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Jackie Ormes: The First African American Woman Cartoonist Hardcover – February 21, 2008

4.6 out of 5 stars 12 customer reviews

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Editorial Reviews

From Booklist

*Starred Review* A stylish woman holds a newspaper behind her back as a perky little girl enters the room and says, “I don’t want to be touchy on the subject . . . but, that new little white tea-kettle just whistled at me!” Published in the wake of the 1955 murder in Mississippi of Emmett Till, a 14-year-old African American who allegedly whistled at a white woman, this is one of hundreds of seductive, technically exceptional, and slyly hard-hitting newspaper cartoons created by Jackie Ormes (1911–85), “the first and only” African American woman cartoonist of her time. An artist of conscience and a prominent activist, the glamorous Ormes entertained, inspired, and provoked readers with her unique female characters, especially precocious, sharp-tongued five-year-old Patty-Jo and her forbearing fashion-plate older sister, Ginger. In the first book devoted to Ormes, Goldstein not only recounts with enthusiasm the trailblazing cartoonist’s remarkable story from her birth in Pittsburgh to her celebrity-filled life in Chicago but also keenly analyzes Ormes’ influential cartoons and the role black newspapers played in the struggle for racial equality. With a generous selection of Ormes’ “forward-looking” cartoons resurrected for the first time, this is one exciting and significant book. Viva Jackie Ormes. --Donna Seaman

Review

"In the first book devoted to Ormes, Goldstein not only recounts with enthusiasm the trailblazing cartoonist's remarkable story . . . but also keenly analyzes Ormes's influential cartoons and the role black newspapers played in the struggle for racial equality. With a generous selection of Ormes's forward-looking cartoons resurrected for the first time, this is one exciting and significant book. Viva Jackie Ormes."
---Booklist



"I am so delighted to see an entire book about the great Jackie Ormes! This is a book that will appeal to multiple audiences: comics scholars, feminists, African Americans, and doll collectors."
---Trina Robbins, author of A Century of Women Cartoonists and The Great Women Cartoonists

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Product Details

  • Hardcover: 240 pages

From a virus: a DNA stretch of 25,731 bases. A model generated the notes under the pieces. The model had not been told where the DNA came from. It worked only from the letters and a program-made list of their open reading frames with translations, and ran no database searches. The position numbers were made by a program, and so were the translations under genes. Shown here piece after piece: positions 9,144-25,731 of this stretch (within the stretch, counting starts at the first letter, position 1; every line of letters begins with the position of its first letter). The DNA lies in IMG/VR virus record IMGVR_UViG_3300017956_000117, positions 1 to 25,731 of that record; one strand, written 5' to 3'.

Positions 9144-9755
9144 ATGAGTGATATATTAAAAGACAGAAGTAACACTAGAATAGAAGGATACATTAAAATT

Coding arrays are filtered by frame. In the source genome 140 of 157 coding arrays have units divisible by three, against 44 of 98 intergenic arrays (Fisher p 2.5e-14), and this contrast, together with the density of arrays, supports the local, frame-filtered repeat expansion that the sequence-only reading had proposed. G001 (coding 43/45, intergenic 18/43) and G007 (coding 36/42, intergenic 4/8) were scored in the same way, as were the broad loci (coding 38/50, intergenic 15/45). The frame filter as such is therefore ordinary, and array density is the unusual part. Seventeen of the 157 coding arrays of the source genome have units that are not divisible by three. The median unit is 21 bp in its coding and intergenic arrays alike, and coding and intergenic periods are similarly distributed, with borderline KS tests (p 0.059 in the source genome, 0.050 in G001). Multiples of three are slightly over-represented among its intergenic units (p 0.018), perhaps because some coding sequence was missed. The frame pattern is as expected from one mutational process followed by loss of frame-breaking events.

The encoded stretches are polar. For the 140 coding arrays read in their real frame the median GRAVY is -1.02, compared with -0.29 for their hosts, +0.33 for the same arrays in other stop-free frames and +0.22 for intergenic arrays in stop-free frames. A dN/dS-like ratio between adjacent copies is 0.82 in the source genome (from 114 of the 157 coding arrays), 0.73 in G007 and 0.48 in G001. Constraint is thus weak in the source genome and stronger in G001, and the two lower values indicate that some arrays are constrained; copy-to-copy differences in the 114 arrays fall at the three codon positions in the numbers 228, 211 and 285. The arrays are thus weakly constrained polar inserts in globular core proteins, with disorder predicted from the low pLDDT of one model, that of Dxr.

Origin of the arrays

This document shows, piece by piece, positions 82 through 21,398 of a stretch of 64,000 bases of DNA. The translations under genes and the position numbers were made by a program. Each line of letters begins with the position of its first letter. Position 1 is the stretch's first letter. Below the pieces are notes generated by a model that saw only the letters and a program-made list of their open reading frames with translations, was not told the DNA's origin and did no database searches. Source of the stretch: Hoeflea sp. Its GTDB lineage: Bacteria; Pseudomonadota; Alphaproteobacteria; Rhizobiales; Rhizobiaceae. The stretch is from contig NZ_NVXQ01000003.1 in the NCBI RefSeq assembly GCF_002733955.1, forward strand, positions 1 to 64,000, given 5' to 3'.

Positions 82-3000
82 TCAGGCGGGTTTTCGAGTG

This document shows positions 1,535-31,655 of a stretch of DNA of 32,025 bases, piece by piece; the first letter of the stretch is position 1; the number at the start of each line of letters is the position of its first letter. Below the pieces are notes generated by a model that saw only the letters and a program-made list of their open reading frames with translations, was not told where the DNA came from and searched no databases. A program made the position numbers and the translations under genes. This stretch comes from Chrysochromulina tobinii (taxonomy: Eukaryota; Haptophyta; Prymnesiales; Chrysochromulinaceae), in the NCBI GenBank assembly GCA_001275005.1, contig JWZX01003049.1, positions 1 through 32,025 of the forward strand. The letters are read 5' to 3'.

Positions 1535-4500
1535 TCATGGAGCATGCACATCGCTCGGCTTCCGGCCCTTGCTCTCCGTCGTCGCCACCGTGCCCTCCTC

• Publisher: University of Michigan Press; 1st edition (February 21, 2008)
  • Language: English
  • ISBN-10: 047211624X
  • ISBN-13: 978-0472116249
  • Product Dimensions: 8.5 x 0.9 x 11 inches
  • Shipping Weight: 2.5 pounds (View shipping rates and policies)
  • Average Customer Review: 4.6 out of 5 stars  See all reviews (12 customer reviews)
  • Amazon Best Sellers Rank: #612,750 in Books (See Top 100 in Books)

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Customer Reviews

Top Customer Reviews

Format: Hardcover Verified Purchase
The story of Jackie Ormes is unique that she was female cartoonist at
time when that field was solely male. Secondly Jackie Ormes was an
African American in a field predominately white. With two strikes
against her, what does Ms. Ormes do but hit a home run. She was a
timely and politically correct artist who kept herself and her work
contemporary and relevant with her African American community at a
time when they were neglected in the mainstream white papers. Jackie's
work was artistically well done with dialogue and a story line to keep
her readership ready to read the next issue.

The research done by the author Nancy Goldstein was thorough and
the writing keeps the reader's interest focused without losing a beat
page after page.

I wish that someone would publish her columns in a single volume
so that today's readers could get a feel for this talented artist
who needs to be recognized for her consistent and her ground breaking
work that would allow other female artists to follow in her foot-
steps. I highly recommend this scholarly book to anyone interested
in the field of writing, cartoon artwork, and in African American
history.